Even one huff can kill, warns victim's mum
The mother of a Christchurch huffing victim wants butane pulled off dairy shelves after a coroner found it caused heart problems which led to the teenager's death.
Sue Gold's 19-year-old son Sam ran down the stairs of the family home on November 8, 2010, screaming "the house is spinning". He then collapsed. His father Darryl and paramedics were unable to revive him.
Sam Gold is among 63 young Kiwis to die from inhaling butane between 2000 to 2012.
A coroner's inquest into the deaths of Sam Gold and two other Christchurch huffing victims, Darius Claxton, 12, and Poihaere Eru, 17, found they died from acute cardiac arrhythmia caused by inhaling butane.
Claxton died in May 2011 after sniffing butane with friends in a suburban car park. Eru died last August while huffing butane in an Upper Riccarton park.
Among Coroner Sue Johnson's recommendations, made public yesterday, was to make the product harder for teens to access.
Gold backed Ms Johnson's recommendation, saying butane should be treated like spray paint and kept locked away.
It was camping equipment and should therefore be limited to hardware stores, rather than be easily available in dairies.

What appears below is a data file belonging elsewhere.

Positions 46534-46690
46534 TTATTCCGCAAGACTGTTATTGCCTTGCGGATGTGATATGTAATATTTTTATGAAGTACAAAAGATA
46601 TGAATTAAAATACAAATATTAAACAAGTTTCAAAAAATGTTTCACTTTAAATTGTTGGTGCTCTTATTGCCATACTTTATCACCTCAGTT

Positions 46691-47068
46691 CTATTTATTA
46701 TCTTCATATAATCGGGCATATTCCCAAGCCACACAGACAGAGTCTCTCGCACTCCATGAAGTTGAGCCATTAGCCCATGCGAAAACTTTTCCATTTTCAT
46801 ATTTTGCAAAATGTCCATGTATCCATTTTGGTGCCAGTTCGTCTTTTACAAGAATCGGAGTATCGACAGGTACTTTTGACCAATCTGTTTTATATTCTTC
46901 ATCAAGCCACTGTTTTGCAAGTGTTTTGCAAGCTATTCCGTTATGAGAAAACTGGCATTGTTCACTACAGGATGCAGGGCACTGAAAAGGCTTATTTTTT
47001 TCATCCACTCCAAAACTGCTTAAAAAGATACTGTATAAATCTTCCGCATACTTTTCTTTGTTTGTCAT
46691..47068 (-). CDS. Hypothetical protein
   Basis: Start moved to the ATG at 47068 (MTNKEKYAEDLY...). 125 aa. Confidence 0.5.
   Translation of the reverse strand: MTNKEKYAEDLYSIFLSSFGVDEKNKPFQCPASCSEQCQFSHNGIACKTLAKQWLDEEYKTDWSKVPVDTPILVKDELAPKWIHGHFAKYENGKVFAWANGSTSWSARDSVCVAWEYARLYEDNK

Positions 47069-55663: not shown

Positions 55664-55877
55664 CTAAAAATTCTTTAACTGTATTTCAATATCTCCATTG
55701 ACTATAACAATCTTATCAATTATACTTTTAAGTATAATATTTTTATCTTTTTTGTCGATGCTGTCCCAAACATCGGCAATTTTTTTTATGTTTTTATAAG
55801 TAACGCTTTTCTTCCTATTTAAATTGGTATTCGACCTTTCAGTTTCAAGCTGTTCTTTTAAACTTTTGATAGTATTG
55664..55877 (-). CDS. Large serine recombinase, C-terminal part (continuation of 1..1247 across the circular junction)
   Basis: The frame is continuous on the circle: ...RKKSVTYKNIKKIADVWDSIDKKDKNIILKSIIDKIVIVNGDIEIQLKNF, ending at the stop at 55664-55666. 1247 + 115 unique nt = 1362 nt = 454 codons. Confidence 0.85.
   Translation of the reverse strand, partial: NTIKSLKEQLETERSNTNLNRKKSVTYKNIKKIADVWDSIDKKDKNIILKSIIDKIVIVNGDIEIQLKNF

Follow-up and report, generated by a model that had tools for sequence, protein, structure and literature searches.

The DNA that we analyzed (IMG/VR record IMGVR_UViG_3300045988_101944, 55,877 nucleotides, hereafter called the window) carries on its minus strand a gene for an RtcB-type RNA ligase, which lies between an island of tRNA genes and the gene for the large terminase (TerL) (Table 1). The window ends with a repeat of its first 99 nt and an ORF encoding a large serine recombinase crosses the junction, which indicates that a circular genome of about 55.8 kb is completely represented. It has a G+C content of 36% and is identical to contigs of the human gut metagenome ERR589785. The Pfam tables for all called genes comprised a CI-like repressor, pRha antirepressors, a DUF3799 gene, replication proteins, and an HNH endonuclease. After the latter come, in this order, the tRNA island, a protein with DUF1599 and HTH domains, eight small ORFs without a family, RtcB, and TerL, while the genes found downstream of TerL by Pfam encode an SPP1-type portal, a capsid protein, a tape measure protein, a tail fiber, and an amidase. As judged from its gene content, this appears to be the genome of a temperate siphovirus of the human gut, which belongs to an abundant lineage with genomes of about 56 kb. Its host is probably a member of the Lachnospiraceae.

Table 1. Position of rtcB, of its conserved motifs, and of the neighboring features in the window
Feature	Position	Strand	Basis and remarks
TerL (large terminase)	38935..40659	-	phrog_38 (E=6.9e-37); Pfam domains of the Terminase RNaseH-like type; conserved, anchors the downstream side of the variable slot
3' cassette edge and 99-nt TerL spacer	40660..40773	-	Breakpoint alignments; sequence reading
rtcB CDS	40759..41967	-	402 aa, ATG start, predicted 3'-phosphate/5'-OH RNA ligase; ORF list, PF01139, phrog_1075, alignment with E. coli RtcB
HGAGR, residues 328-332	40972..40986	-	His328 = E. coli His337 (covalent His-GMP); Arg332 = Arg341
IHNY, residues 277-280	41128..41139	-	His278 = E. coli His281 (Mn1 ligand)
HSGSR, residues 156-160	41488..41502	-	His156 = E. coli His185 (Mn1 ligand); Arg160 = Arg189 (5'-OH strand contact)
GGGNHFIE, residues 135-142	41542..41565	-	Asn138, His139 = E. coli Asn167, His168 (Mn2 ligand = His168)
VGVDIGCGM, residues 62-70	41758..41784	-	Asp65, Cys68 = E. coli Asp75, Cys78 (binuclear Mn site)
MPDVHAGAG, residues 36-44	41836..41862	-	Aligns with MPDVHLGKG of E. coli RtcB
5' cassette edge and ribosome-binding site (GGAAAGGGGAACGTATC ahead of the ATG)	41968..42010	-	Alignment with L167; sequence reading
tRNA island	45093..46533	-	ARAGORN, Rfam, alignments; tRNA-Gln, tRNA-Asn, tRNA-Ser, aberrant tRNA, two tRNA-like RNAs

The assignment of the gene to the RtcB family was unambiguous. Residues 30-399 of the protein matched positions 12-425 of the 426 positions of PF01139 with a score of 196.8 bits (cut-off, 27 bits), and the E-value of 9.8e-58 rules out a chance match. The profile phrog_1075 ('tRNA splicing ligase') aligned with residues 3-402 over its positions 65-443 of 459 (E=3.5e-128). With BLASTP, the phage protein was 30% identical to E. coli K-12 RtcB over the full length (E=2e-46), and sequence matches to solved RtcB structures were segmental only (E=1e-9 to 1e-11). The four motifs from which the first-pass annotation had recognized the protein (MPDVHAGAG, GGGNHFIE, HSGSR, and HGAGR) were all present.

Gold said young people needed to realise they were not "bulletproof". Trying huffing even once put their lives at risk. "It could be your first time and your last," she said. Forensic pathologist Dr Martin Sage, who carried out post-mortem examinations on the three victims, warned that each time butane was huffed there was a risk of the user developing an abnormal or "rogue" rhythm to their hearts.
It did not matter how many times the person had huffed before, the risk was there every time, Sage said.
"That makes it really hard to predict whether it's going to be safe this time you use it," he said.
"So that's why [butane] is a real wild card . . . compared to some of the other recreational substances being used in the community."
Ms Johnson recommended the Government include volatile substances abuse, in particular butane, within the Children's Action Plan - a Ministry of Social Development project to protect vulnerable children. However, New Zealand Drug Foundation executive director Ross Bell said trying to prevent and reduce harm from volatile substance abuse, compared with other drugs, was complex.
This was largely because they were legal, readily available, cheap and an experimental drug which made identifying those at risk difficult, he said.
Bell also felt there was a lack of awareness of the dangers of huffing butane by young people and even health professionals.
Paediatrician and the Child and Youth Mortality Review Committee chairman Dr Nick Baker warned butane abuse could not only kill but may result in brain shrinkage, memory loss, blindness, tremor and dementia.